The God Squad: Passover
This week’s column is about what it means to eat a meal for God. Next week, we will focus on Easter and ask what it means to eat a meal of God.
When Father Tom Hartman was alive, he would write the Passover column and I would write the Easter column. It was our way of proving and sustaining the mission statement of the God Squad that, “We know enough about how we are different but not nearly enough about how we are all the same.”
Now I am all alone to do his work and sustain his memory. We met at News 12 Long Island on Passover/Easter 1987 and this time is filled with his soul and his smile for me.
Both the similarities and the differences of Passover and Easter are profound, and we must understand them not only to understand each other’s way up the same mountain to God, which is critical for both Christians and Jews, but to understand what it means to be human in a broken world. This is important for all human beings living with or without organized religion as best we can here on planet earth.
Both Passover and Easter bring our families together. This was always important, but never more so than right now. COVID-19 has robbed us of family holiday dinners. Last year, I connected our family for the Passover Seder meal via Zoom. It was great to include far-flung family that never could have made it to our home in the old normal times, but it was painful to not be able to touch and hug and kiss and clean the kitchen together. Families cannot thrive electronically. Families thrive around the holiday table. I pray that this year we will be able to touch each other again.
The Seder meal, which precedes the actual meal, is a form of teaching and praying, as well as eating. Each of the ritualized foods of the Passover Seder is a teaching.
Dipping greens called karpas into salt water combines the despairing symbolism of the tears of slaves with the hopeful symbolism of the new growth of springtime.
The mixed apples and wine and spices called haroset symbolizes the mortar used to cement the bricks of pharaoh’s monuments and the horseradish root includes once again the bitter taste of being owned.
Together these ritual foods of the Seder meal teach us that in life bitter and sweet, good and evil, despair and hope, burdens and blessings are always mixed.
Bread is life but matzah, the Passover bread, is different. It is unleavened and flat and unseasoned. Matzah was the bread of escape from bondage that did not have enough time to rise. Leavening is also a symbol of arrogance (puffery) and so the unleavened matzah is a symbol of humility. We take for granted so much and so eating this bread reminds us to give thanks for the least of our blessings. This is the only way to train ourselves to give thanks for the greatest of our blessings.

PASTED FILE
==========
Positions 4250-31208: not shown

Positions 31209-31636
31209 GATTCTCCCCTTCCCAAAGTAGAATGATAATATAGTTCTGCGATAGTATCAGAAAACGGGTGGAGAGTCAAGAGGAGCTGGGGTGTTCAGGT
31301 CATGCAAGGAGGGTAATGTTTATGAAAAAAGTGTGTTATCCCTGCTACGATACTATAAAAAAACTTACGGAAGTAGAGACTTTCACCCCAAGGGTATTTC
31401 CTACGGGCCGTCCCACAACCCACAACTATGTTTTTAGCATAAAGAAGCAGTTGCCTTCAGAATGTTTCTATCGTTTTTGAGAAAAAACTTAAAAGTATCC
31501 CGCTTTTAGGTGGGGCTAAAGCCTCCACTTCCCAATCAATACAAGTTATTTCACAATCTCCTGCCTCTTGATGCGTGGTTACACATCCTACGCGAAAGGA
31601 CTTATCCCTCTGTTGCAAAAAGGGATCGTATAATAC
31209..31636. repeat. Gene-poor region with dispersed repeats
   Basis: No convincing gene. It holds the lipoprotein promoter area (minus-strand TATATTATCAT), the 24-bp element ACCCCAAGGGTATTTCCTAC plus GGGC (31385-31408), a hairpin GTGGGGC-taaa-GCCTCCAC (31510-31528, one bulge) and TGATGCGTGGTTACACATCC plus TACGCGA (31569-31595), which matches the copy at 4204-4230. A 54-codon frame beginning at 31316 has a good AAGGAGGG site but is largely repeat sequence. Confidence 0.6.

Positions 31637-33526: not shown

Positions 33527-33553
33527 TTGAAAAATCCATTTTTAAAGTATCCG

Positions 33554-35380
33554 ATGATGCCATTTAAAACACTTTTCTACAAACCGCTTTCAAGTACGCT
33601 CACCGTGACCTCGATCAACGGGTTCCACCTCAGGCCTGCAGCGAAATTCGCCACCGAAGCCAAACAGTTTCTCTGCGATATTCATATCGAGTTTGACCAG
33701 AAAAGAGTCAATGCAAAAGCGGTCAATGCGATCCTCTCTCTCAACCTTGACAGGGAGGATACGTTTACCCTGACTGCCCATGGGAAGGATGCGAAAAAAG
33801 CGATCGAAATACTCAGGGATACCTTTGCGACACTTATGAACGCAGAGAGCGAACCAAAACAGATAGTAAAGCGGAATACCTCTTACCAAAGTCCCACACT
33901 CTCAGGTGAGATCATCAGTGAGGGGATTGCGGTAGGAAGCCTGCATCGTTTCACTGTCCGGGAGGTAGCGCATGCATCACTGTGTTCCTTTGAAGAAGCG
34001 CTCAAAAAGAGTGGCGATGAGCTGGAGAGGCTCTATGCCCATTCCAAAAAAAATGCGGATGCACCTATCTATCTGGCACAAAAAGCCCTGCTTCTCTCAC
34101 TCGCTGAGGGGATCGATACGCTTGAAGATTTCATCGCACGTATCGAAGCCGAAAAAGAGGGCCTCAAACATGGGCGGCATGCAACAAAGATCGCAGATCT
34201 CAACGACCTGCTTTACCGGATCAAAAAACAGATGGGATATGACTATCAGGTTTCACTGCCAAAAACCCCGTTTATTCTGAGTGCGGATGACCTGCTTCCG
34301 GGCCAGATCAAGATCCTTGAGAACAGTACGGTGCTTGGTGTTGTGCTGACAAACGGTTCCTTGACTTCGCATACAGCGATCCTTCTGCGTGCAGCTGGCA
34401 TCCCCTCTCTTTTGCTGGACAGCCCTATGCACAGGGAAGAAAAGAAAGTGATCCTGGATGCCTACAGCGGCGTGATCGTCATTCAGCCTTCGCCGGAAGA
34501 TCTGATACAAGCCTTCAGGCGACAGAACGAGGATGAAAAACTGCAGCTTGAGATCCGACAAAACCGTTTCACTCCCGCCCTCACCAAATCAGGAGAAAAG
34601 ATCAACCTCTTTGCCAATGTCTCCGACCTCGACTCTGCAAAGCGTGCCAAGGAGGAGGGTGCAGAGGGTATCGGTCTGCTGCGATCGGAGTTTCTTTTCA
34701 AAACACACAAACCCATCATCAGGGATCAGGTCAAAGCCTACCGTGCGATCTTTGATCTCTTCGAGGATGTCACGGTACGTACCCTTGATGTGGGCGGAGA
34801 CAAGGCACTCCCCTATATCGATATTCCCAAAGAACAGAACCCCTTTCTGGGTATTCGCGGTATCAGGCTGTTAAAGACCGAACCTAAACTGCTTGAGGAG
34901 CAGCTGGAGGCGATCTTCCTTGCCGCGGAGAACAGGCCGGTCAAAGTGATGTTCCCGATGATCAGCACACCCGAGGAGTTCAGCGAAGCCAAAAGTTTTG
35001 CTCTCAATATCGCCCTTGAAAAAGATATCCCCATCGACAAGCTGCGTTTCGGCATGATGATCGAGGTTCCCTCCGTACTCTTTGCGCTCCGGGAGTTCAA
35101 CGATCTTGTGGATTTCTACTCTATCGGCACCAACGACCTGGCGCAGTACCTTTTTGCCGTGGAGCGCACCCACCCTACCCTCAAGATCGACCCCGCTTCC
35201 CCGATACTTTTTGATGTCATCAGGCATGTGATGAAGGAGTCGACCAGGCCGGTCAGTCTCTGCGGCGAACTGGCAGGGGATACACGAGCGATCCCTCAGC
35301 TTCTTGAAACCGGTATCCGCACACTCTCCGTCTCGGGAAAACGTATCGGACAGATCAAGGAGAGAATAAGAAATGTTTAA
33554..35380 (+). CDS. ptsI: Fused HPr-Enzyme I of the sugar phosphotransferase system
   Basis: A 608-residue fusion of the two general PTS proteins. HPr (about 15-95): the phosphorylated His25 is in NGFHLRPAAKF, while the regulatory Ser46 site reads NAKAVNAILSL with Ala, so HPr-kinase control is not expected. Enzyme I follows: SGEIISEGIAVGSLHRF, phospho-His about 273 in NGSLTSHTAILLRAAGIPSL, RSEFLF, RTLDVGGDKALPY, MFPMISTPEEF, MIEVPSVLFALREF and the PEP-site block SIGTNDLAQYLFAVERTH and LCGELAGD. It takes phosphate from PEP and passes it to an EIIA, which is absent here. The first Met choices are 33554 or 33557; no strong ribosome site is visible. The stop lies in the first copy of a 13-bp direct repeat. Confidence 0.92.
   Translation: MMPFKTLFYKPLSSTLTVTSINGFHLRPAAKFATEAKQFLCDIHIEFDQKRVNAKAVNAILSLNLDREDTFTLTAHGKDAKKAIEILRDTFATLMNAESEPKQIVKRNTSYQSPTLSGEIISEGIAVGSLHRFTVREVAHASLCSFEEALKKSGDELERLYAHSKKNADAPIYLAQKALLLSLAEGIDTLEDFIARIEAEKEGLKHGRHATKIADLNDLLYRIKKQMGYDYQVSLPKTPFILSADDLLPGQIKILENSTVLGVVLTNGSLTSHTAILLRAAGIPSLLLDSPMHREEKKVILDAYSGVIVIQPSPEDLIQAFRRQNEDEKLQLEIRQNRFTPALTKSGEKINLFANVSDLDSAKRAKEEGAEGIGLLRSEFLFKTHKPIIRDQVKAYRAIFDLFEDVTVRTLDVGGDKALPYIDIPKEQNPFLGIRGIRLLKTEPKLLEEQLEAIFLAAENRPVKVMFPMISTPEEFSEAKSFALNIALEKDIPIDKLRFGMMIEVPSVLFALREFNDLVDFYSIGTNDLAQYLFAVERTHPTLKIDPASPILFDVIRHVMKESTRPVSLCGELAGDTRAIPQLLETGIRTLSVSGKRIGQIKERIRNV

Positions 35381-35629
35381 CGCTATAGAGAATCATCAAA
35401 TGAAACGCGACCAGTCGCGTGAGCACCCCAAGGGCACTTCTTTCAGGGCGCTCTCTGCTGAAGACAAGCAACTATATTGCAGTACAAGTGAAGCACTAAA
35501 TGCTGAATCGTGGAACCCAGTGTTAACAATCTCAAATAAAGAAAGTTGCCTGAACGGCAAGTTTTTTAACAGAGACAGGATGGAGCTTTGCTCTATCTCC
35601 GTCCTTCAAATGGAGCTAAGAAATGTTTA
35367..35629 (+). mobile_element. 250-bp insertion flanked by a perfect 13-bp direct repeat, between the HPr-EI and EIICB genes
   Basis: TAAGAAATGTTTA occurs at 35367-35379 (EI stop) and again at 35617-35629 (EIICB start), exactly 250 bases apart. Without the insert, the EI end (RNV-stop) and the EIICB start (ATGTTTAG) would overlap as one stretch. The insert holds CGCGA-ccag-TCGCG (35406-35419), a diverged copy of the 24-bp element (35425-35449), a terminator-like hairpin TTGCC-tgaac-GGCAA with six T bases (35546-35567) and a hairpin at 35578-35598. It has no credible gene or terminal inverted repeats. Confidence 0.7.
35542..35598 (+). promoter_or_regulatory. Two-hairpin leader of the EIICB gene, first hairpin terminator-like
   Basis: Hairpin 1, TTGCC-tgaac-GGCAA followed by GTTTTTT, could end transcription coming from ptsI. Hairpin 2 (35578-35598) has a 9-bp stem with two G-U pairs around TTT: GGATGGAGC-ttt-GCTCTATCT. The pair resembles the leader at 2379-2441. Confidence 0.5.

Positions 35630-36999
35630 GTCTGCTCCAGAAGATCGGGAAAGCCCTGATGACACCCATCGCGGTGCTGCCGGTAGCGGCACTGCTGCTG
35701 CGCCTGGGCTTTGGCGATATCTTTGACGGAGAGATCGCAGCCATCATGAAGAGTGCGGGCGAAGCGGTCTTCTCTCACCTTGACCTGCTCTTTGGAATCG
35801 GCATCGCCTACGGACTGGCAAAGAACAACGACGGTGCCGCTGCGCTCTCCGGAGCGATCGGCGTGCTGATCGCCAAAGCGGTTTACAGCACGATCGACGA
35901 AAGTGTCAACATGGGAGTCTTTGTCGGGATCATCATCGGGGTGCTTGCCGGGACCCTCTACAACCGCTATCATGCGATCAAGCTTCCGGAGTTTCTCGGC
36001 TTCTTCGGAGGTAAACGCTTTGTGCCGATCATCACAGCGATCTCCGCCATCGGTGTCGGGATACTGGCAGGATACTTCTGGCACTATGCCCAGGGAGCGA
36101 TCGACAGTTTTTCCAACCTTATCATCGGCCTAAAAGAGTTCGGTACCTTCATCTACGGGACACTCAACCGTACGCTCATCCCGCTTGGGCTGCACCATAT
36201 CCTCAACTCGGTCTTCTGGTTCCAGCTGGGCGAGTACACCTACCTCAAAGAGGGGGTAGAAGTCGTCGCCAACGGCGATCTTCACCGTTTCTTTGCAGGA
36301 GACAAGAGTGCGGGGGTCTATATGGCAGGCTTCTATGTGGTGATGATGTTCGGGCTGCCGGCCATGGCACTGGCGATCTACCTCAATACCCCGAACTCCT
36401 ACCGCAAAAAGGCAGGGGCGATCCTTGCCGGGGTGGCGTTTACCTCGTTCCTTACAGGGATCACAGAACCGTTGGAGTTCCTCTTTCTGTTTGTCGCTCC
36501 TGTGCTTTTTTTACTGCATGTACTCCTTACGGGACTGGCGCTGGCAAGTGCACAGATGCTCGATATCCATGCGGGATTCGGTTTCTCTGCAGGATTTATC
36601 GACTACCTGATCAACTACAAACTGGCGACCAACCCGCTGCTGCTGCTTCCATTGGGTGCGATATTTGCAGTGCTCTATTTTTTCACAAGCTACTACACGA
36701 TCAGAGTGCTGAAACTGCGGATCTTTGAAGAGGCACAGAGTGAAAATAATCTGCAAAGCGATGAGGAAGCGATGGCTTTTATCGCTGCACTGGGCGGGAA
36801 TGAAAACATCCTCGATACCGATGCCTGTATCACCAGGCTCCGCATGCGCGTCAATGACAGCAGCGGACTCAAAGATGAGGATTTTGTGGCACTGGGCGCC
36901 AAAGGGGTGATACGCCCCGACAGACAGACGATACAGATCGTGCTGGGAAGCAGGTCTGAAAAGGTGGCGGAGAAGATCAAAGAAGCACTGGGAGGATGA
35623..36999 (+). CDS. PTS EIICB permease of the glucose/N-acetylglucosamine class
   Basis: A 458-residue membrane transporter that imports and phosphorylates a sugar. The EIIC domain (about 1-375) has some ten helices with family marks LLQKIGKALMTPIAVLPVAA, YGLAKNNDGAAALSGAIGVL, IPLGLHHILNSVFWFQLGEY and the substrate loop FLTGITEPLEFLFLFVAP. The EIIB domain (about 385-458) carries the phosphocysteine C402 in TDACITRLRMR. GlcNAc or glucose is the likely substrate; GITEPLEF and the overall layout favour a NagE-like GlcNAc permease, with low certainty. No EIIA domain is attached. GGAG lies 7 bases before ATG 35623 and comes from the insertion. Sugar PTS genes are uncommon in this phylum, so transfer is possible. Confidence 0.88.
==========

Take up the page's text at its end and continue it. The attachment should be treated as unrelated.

Wine is not merely the symbol of joy. Wine is joy. The Bible commands us to “Serve the Lord in joyousness.” (Psalm 100:2) and drinking the four cups of wine during the Seder meal on Passover brings us a ritually induced, but not quite excessive, inebriation. There is also the miracle of how the simple substance of grapes can become transformed into the complex substance of wine.
In the old days when water was mostly contaminated, wine was the only safe drink. Safety and joy are in the wine cups and are also in our faithful service to God.
The shank bone and roasted egg are not eaten, but they are displayed. They remind us of biblical Judaism where serving God meant bringing animal and grain sacrifices to the Temple and to the Jewish priests. The Seder meal is the product of rabbinic Judaism where the Synagogue replaced the Temple; where rabbis replaced the priests; where prayers replaced animal sacrifices; and where the Passover Haggadah (the rabbinic script for the Seder meal) replaced the pilgrimage to Jerusalem to offer up sacrifices on the Hag, the holiday.
The Muslim pilgrimage called the Haj is from this same root word. The shank bone and egg remind us that our rituals today were not necessarily the rituals of yesterday nor will they be the rituals of tomorrow. Some families place an orange on the Seder plate because of the old remark of a traditionalist, “Letting women read from the Torah is like putting an orange on the Seder plate.”
While remembering and honoring the old rituals of our faiths, we must also make room for a few new oranges.
(Send ALL QUESTIONS AND COMMENTS to The God Squad via email at email@example.com. Rabbi Gellman is the author of several books, including “Religion for Dummies,” co-written with Fr. Tom Hartman.)
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